When quantitative easing stops

At some point – it could be sooner, it could be later – the U.S. Federal Reserve will “pull the plug”
on its “economic-stimulus/quantitative-easing/bond-buyback” program. And when it does, “it
will be a dog-bites-man kind of day,” says this advisory.

But take heart: “the world will continue to spin on its axis and the sun will continue to rise in the
east. Or so we hope!” In the meantime, it’s a safe assumption that the early days of a Fed
reversal won’t be pretty.

Stock prices and markets, intoxicated by years of “unprecedented government backstopping,”
will go into a skid once the Fed’s program of quantitative easing stops driving the bus.The resulting
wreck, even if it’s only short term, will no doubt kick the 24-hour news cycle into “overdrive.”

Some of this news frenzy, no doubt, will focus on things like the impact of higher interest
rates on Canada’s urban housing market. Yet, this advisory is quick to add that higher rates,
as well as the end of quantitative easing, won’t necessarily “sink all boats.”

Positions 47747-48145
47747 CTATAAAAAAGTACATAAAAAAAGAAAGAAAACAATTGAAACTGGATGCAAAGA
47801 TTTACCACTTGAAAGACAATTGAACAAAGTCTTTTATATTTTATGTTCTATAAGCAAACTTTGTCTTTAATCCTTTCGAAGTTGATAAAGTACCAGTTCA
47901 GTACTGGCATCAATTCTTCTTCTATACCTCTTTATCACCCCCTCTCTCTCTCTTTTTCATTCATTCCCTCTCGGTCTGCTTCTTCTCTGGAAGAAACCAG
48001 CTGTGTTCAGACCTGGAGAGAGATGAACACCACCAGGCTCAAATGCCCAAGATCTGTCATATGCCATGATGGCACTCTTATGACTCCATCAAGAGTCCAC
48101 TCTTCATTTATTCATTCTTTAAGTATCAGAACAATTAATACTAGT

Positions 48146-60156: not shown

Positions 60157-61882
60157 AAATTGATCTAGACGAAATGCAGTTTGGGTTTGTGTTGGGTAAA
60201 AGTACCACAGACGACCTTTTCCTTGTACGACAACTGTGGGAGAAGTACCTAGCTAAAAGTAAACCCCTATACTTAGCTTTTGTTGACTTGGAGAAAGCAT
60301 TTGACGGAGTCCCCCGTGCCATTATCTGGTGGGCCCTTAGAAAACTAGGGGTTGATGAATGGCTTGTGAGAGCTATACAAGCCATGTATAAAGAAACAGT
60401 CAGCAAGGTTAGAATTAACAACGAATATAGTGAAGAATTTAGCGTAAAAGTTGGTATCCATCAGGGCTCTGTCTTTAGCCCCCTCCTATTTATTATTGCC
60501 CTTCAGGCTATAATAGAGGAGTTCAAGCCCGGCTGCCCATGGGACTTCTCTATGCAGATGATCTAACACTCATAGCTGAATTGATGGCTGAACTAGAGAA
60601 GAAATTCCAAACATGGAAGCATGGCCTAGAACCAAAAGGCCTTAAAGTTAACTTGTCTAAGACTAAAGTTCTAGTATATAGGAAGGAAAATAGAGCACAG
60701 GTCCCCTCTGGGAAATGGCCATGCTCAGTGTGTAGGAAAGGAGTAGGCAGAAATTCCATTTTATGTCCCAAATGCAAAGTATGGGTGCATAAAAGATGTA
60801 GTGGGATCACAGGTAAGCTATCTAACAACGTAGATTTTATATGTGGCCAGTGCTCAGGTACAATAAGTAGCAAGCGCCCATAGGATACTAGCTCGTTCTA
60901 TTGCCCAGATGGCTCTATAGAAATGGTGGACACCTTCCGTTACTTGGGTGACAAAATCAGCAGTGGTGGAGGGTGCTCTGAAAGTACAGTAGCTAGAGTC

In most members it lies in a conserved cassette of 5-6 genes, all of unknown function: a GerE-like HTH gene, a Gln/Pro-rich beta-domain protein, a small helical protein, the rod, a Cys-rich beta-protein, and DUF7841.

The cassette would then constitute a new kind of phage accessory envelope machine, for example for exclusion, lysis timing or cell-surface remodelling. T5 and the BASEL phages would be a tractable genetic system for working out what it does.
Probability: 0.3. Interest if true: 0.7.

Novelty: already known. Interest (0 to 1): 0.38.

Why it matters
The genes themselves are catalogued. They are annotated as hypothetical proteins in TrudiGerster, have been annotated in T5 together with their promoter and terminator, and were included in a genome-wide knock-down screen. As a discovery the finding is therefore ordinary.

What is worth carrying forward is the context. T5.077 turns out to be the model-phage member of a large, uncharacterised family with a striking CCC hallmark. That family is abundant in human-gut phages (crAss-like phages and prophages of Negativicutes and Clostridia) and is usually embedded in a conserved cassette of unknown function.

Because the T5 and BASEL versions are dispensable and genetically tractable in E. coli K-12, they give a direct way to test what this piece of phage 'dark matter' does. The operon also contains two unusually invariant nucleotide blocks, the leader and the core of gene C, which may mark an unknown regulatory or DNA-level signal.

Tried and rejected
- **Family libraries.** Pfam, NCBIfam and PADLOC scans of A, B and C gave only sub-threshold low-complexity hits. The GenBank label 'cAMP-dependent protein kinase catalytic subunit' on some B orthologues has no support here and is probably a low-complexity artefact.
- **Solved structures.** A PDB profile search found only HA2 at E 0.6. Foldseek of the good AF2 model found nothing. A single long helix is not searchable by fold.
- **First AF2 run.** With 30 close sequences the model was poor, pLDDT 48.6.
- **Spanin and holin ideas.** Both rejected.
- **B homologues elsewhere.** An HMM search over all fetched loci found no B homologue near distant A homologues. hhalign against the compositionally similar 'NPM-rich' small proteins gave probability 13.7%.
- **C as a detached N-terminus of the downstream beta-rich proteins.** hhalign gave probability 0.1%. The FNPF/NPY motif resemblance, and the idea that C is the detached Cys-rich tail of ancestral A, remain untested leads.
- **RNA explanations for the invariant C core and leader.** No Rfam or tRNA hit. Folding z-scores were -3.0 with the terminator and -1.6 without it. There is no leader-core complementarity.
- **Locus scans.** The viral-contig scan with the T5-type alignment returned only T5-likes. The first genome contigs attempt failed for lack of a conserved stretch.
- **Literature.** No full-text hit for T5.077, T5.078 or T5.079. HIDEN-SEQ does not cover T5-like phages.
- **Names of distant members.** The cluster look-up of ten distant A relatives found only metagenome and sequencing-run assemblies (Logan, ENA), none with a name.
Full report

Take such big Canadian insurers as Manulife and Sun Life. A move toward higher rates would
be good news for these companies’ beaten-down shares. And if the housing market can weather
higher rates, Canadian financials will mainly benefit from the wider spread between what they
pay their depositors versus what they can charge their loan customers.

Needless to say, it won’t be “business as usual” when quantitative easing comes to an end. So,
investors should be proactive. Think about who the potential winners and losers will be in this
new world – perhaps with the aid of a financial advisor.



Canadian MoneySaver, 55 King Street West, Suite 700, Kitchener, Ont., N2G 4W1
519-772-7632, $24.95 a year for nine issues.



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